• Challenge.gov: Using Competitions and Awards to Spur Innovation IBM Center for The Business of Government judging. Rather than having a panel of well-known judges, it was necessary for such competitions to include judges that could not only thoroughly verify and test the submissions, but also evaluate the best from the pool. Recommendation Ten: As part of the design phase, government managers need to plan in advance for what happens after the competition. It is just as important, if not more, for agencies to have plans in place to continue engaging with both winners and losers once a competition has completed. Competition participants note how little they interacted with agencies during the competition, and especially post-competition, beyond being told they had won. This has led to the perception that agencies do not match the commitment or enthusiasm put forth by the citizens. Winners especially expect a deeper level of engagement than simply receiving the award. Public managers need to think beyond the end of competitions and ask themselves, “What are we going to do with the winning solutions after they are recognized?” Phase Three: Launching the Competition Findings About Launching the Competition Government managers need to better understand their expected target audience. Agency managers found that they often had to adjust their expectations. Managers hoping to stimulate innovation got serious participants who were eager to build upon or repurpose their prior work on a solution to an existing problem. Moreover, managers at several federal agencies now realize that they were not actually attracting the kind of participants they were hoping for. Public managers wanted to attract solutions from the everyday (lay) citizen who might not otherwise think of engaging with the government. However, as one manager states, “… most of our apps were done by professional companies or groups of people … It turns out the ones that are going to win are professional shops.” Government managers need to improve the marketing of competitions. Most citizens did not hear about the competition they participated in directly from Challenge.gov or any federal agency. Federal agencies appear not to be tapping into the circles where possible solution providers operate. This was evident from our interviews with competition participants who routinely point out Challenge.gov’s limited reach and brand recognition. In contrast, citizens and potential participants have their own deep networks, most of which surpass the number of followers on Challenge.gov. One interviewee tells us, “[It is important to] increase the visibility of the programs through developer networks. Many app developers do not know of them. Direct connection and communications of government agencies [with app developers] is missing.” Government managers underestimated the need for better marketing efforts. Finding ways to draw attention to a competition is becoming increasingly important as the competitions increase across government. As noted by one public manager, “Say eight months ago, had you run a challenge, that’s all you needed to do. Now challenges are not a novel concept anymore. We were one of four agencies who put up a challenge that week.” Agencies now need to find innovative ways to get their message across, and are actually competing for attention against other competitions. Some of the ways to gain attention include having notable individuals on judging panels, innovative prizes, larger prize purses, and media mentions and coverage. 30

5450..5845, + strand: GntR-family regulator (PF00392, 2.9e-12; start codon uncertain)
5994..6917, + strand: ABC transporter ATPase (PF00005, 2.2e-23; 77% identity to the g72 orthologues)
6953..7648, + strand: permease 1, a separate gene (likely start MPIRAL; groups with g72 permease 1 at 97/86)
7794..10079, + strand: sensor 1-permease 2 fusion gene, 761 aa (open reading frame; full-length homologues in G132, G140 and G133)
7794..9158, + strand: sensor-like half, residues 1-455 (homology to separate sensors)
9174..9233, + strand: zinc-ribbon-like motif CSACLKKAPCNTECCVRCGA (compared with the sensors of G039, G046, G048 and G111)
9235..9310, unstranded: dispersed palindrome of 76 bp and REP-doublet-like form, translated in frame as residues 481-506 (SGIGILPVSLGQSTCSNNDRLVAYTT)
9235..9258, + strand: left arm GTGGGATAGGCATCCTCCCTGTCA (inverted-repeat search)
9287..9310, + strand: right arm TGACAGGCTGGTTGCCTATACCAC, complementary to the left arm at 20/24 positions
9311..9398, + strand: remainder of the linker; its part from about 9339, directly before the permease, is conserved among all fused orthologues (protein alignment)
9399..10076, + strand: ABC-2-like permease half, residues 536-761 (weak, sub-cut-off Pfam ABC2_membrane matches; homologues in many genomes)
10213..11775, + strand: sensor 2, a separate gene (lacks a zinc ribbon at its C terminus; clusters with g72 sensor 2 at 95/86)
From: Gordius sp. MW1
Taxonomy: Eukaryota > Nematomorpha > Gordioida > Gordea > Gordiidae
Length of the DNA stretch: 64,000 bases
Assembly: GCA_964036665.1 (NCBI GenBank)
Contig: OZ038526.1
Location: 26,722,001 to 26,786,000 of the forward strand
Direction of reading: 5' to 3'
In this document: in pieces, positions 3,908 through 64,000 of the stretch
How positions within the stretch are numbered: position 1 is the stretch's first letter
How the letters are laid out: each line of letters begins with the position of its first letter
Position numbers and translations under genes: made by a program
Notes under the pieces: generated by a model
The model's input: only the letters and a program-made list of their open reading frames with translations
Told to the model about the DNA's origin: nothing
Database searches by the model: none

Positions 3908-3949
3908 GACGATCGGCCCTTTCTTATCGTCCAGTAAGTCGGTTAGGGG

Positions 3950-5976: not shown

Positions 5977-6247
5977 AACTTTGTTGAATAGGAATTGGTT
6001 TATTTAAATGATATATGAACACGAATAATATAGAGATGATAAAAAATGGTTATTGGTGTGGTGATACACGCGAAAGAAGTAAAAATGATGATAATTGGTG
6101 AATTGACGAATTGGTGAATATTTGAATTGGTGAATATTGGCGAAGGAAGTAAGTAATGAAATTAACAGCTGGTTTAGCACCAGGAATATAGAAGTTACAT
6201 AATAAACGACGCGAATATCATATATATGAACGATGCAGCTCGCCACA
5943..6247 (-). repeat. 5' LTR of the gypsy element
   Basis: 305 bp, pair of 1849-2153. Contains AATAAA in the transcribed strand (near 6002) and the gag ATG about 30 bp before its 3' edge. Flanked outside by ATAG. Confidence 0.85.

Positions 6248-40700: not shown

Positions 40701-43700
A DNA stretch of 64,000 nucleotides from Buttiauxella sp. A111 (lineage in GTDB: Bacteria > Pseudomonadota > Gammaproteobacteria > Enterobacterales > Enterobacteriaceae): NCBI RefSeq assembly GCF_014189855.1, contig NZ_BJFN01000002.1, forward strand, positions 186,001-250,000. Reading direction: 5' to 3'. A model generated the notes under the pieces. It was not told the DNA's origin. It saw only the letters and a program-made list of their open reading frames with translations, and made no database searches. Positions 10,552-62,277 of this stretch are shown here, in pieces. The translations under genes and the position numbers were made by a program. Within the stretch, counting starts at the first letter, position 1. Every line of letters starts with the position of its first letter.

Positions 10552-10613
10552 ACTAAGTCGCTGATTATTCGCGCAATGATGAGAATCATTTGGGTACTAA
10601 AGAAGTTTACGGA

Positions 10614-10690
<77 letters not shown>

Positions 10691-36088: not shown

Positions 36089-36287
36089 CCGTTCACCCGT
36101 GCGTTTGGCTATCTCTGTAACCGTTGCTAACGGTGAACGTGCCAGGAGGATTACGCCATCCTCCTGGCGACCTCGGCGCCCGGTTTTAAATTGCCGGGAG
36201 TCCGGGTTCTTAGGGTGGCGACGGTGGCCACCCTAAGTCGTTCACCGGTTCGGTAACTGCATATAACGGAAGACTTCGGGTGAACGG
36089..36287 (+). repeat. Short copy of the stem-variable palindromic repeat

• Challenge.gov: Using Competitions and Awards to Spur Innovation www.businessofgovernment.org Agencies have struggled, and some still continue to struggle, with finding the right networks of problem-solvers to publicize their competitions with. “I don’t feel like [the agency] advertised enough. Probably hard for [the agency] to advertise because how many real hackers really follow [the agency]? They could’ve pushed a little harder in terms of marketing by going to their target people like posting on Hacker News,” says one participant we interviewed. However, public managers have all attested to the fact that they need to do more to extend their social and professional networks, especially to those platforms like Hacker News where intended participants can be found. Attending conferences and building connections with journals and other prominent media outlets are strategies agencies can employ. As one public manager tells us, “After your initial splash, then you need to really work at it. So we sent out a press release and then I got interviewed … That became a nice base on which I did a lot of communication … Did some stuff on Twitter like tagging people on our panel and they would retweet it.” Recommendations for Launching the Competition Recommendation Eleven: Government managers should recruit participants via targeted marketing campaigns In launching a competition, it is critical for public agencies to have an effective marketing plan in place that taps into the professional networks of their target audience. While planning to give participants sufficient time to develop and submit a solution is necessary, it is also critical to ensure that participants have a good chance of discovering the competition in time to be involved in it. Agencies need to work with existing online platforms to target specific audiences, such as Hacker News, to market to developers, continuously engage and communicate with external judges to spread the news within their networks, and participate in interviews for prominent blogs in order to spread the news about their competitions. Getting bloggers to cover the challenge is also a good way to attract attention. If a challenge is specific to a given industry (e.g., transportation), then work with the relevant scientific and industry associations to promote the competition. In addition, federal agencies should tap into existing professional and social networks on which their potential solution providers spend time. For example, software developers spend a great deal of time exchanging ideas with peers on online networks that are viable avenues to advertise competitions on. An interviewee remarks, “Federal agencies should find ways to leverage the connections among developers. When one developer finds an opportunity, they share it with others they know in their personal networks.” Phase Four: Operating the Competition Findings About Operating the Competition Participants would like to collaborate with other participants during the competition. Based on our interviews, competition participants developed their solutions independently and seldom were able to get help from any other citizens or entities in the process. One contributing factor to this is the difficulty involved in finding other like-minded citizens who might be interested in tackling a competition. In addition, given the timeframes of the competitions, it is difficult for participants to find peers to collaborate with unless information is made available on Challenge.gov (e.g., who else is participating, who is looking for help, and profiles of problem-solvers, among others). Interviewees are favorable to the idea of collaborating with others; it should be easier to find like-minded people who are also interested in participating. 31